NAT WOLFF, 18, the former co-star of the hit Nickelodeon kids' show, "The Naked Brothers Band," plays Jeremiah. The film is directed by PAUL WEITZ, 47 ("About a Boy").

By the way, since I am mentioning the fictional film, "Inglorious Basterds," below---let me tell you about Paul Weitz's late father,JOHN WEITZ (1923-2202), who was a real-life "Inglorious Basterd." As most people know, "Inglorious Basterds" centers around a small US Army commando company. Its made-up of Jewish Americans who are "itchin'" to fight the Nazis. While a company of European refugee Jewish commandos existed in the United States, and there was a counterpart in England, the exploits of the commandos in "Inglorious Basterds" were entirely fictional.John Weitz, however, was "the real deal."

A refugee from Nazi Germany, the debonair and amazingly handsome Weitz served as an espionage agent in the OSS, the forerunner of the CIA. He worked undercover, infiltrated enemy lines in France and worked with the German Resistance, including the officers who plotted the unsuccessful 1944 assassination attempt on Hitler. After leaving the OSS, Weitz was among the troops who liberated the concentration camp at Dachau.

Weitz was such an amazing figure that his résumé reads like fiction. He was a secret agent, soldier, top auto racer, top men's fashion designer and the author of two major scholarly biographies on important figures in the Nazi regime.

PREMIUM CABLE CORNER In the early-to-mid 1960s, there was no hotter rock music writer and producer than PHIL SPECTOR, now 73. He had an incredible sting of hits with such groups as the Ronettes and The Righteous Brothers. But by the late '60s, he went from being often annoying and neurotic to downright spooky weird. Spector virtually stopped working after 1980, but he had tons of royalties still coming-in. Then, in 2003, he was accused of murdering actress Lana Clarkson at his mansion. His first trial, in 2007, ended in a mistrial. He was convicted in 2009 and isn't eligible for parole until he's 88.


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The original HBO film, "The Bottom Line," premieres on Sunday Mar., 24, at 9PM. Directed and written by famous playwright DAVID MAMET, 65, the film got an advance rave in the usually reliable Hollywood Reporter. The Reporter's only caveat is that Mamet has an agenda: to plant a reasonable doubt in the mind of viewers as to Spector's guilt or innocence. Al Pacino plays Spector, with Helen Mirren co-starring as Spector's defense attorney.

ZOSIA MAMET, 24, David's daughter, is one three Jewish actresses playing three of the four leads on HBO's "Girls." As I write this, the 2nd season finale (Mar. 17) hasn't yet aired-but the Mar. 10 episode was more "tribe-heavy" than a Brooklyn bris. Guest stars included SHIRI APPLEBY, 34, as the new girlfriend of Hannah's ex-boyfriend; CAROL KANE, 60, as Appleby's mother; BOB BALABAN, 67, as a therapist treating Hannah (star LENA DUNHAM, 26); and AMY SCHUMER, 31, as a guest at a party.


Ten years of doing a Jewish celebrity column has turned Nate Bloom into something of an expert in finding basic family history records and articles mentioning a "searched-for" person. During these 10 years, he has put together a small team of "mavens" who aid his research. Most professional family history experts charge at least a $1000 for a full family history. However, many people just want to get started by tracing one particular family line.

So here's the deal: Send Nate an e-mail at middleoftheroad1@aol.com, and tell him you saw this ad on Jewish World Review and include your phone number (area code too). Nate will contact you about doing a limited family history for a modest cost (no more than $100). No upfront cost. Open to everybody; of any religious/ethnic background.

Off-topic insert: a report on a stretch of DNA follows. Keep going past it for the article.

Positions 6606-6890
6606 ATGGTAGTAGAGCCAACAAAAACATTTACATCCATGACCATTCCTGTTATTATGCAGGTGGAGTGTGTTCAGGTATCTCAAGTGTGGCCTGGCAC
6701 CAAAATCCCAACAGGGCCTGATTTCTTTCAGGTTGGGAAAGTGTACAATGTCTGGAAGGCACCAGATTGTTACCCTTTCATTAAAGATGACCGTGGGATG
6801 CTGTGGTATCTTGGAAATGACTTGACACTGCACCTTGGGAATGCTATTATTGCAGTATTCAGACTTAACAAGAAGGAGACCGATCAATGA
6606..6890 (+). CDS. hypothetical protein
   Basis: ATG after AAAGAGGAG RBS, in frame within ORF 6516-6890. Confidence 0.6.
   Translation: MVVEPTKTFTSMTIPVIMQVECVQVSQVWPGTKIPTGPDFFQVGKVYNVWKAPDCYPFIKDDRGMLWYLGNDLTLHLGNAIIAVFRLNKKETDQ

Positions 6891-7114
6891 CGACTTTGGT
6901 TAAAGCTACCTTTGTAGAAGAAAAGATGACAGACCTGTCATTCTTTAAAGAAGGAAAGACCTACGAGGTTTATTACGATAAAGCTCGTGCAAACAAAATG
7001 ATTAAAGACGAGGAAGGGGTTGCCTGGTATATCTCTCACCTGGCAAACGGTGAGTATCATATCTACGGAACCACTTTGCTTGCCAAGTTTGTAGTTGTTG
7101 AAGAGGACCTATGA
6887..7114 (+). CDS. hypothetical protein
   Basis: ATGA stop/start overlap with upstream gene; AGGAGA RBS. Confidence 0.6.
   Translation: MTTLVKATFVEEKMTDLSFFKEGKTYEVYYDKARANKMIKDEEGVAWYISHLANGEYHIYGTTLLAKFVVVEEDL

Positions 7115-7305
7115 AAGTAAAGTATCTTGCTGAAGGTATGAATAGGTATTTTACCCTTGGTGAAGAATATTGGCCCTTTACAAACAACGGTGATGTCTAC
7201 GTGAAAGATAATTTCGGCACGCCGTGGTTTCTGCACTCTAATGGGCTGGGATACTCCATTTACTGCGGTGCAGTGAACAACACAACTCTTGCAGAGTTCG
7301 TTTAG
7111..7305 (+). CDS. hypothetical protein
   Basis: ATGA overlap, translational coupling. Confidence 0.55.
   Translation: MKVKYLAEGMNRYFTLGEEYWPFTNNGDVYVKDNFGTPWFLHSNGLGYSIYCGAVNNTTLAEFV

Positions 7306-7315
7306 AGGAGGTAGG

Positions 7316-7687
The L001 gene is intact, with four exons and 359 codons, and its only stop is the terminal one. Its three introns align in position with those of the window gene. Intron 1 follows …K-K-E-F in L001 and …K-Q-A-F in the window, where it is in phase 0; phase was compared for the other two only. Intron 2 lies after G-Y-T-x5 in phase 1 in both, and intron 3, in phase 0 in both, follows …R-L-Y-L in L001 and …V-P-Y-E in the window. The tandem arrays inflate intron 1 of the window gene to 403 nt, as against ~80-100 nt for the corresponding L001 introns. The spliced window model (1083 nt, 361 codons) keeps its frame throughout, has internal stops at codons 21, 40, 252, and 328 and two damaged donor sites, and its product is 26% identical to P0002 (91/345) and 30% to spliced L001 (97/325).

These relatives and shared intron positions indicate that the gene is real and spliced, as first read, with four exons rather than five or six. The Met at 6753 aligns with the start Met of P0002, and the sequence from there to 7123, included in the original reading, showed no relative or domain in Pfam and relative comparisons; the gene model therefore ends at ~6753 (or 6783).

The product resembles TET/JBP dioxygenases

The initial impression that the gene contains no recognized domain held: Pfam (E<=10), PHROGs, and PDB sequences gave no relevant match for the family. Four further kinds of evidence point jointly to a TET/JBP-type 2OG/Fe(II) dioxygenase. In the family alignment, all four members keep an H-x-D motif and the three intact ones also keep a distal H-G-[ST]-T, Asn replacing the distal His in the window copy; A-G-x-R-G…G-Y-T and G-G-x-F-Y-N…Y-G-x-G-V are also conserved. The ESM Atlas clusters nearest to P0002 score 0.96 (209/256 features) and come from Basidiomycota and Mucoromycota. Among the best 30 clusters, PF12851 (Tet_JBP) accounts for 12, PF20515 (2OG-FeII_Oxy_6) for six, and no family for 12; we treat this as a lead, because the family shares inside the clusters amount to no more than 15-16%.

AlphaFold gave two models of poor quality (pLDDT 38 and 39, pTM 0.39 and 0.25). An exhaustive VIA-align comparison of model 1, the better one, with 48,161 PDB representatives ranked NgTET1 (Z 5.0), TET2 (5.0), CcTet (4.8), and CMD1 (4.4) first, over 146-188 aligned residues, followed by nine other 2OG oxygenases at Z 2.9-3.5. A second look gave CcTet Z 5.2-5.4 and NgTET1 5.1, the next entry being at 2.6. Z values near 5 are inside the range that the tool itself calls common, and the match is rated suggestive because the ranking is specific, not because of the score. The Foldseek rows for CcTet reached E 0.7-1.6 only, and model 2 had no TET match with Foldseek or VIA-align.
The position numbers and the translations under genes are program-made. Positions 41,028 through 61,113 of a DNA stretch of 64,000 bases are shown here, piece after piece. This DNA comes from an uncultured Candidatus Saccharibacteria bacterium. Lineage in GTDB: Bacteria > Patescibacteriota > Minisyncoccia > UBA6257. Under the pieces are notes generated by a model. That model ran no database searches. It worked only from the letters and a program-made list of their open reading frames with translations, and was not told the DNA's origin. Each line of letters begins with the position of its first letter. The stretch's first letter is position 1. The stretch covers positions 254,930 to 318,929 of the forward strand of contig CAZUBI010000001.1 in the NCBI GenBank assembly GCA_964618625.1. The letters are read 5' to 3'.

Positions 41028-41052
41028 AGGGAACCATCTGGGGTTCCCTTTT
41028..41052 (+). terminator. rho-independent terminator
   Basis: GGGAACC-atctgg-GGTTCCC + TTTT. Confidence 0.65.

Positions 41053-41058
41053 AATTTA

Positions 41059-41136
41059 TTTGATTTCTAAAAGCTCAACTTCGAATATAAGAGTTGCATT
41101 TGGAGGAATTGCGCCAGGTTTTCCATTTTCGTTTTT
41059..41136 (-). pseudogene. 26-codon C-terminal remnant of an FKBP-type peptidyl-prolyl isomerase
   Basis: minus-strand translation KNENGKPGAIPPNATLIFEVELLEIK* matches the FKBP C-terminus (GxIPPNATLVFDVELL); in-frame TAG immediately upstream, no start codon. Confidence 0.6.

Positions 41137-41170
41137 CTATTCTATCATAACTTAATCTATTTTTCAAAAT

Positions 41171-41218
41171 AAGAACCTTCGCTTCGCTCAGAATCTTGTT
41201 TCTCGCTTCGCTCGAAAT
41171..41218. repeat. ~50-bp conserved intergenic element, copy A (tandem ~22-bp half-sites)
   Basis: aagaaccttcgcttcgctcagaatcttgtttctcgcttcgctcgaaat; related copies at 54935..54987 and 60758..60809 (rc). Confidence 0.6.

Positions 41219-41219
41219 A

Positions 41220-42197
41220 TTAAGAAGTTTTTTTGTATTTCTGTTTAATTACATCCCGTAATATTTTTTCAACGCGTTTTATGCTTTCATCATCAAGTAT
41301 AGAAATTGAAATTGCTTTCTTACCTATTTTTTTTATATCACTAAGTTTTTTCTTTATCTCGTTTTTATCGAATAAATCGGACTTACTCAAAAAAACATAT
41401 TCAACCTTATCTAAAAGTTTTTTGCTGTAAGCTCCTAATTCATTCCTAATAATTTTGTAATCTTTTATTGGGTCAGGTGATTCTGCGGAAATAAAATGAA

Schumer, a rising comedian, is the niece of Sen. CHUCK SCHUMER, 62, of New York. Early this month, Amy was the headliner of a Showtime special, "Woman Who Kill," featuring four female stand-ups. It is in "heavy" re-run play until the end of March. Meanwhile, many of Chuck's former constituents are featured in "Kings Point," an Oscar-nominated documentary about (mostly) Jewish seniors in a Del Ray Beach, FL, retirement community that airs all this month on HBO.

ONE LAST WALTZ (UPDATE) Last week, the Jerusalem Post reported that Austrian actor Christoph Waltz, 55, who just won his second best supporting actor Oscar, was going to be in Israel the next week to attend the wedding of his daughter, MIRIAM, 30. The Post also reported that "Waltz's son is a rabbi in Israel." Back in 2009, director Quentin Tarantino surprised everyone when he mentioned that Walz's son "was a rabbi in Israel."

Not long after, actor/director ELI ROTH said that the son was "studying to be a rabbi in Israel." I just came across a recent Austrian news report that clarified matters. Walz's ex-wife, JACKIE, is an American Jewish psychotherapist. They had three kids: Miriam, RACHEL, now 25, and LEON, 27. The Austrian magazine spoke to the chief rabbi of Vienna, who knows Leon very well (Leon is often in Austria to visit his paternal grandmother). The rabbi said that Leon did finish a several-year course of study at a Jerusalem yeshiva. But his studies didn't have to end in rabbinic ordination and Leon chose not to be ordained. Leon, an Orthodox Jew, now works as a scientist in London. He is also working on writing Jewish historical studies. The rabbi added that Leon and his father are close--and maybe because they are so close, Leon couldn't bear to watch his father act in an SS uniform in Tarantino's "Inglorious Basterds."

Info Note: Persons in capital letters, above, are deemed Jewish for the purpose of this column. For the purpose of the column, the person has to have at least one Jewish parent, be raised Jewish or secular, and not identify with a religion other than Judaism as an adult. Converts to Judaism are also, of course, considered Jewish, even if they don't have a Jewish parent.

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Bonnie Franklin, Valerie Harper; LA mayor's race; Albert Brooks on going to Shul

The Land of Oz's Many Hebrews; Mila Kunis & a "Menschy" Company; Aly Raisman Dances & Jewish Figure Skaters at World Championship

New on the Big Screen, Tube

The Oscars: The Jewish Connection

Jews in the National Hockey League; Possible Start of a Blockbuster Film Series; Star Wars Keep on Comin', Special TV Showing of Schindler's List

© 2013, Nate Bloom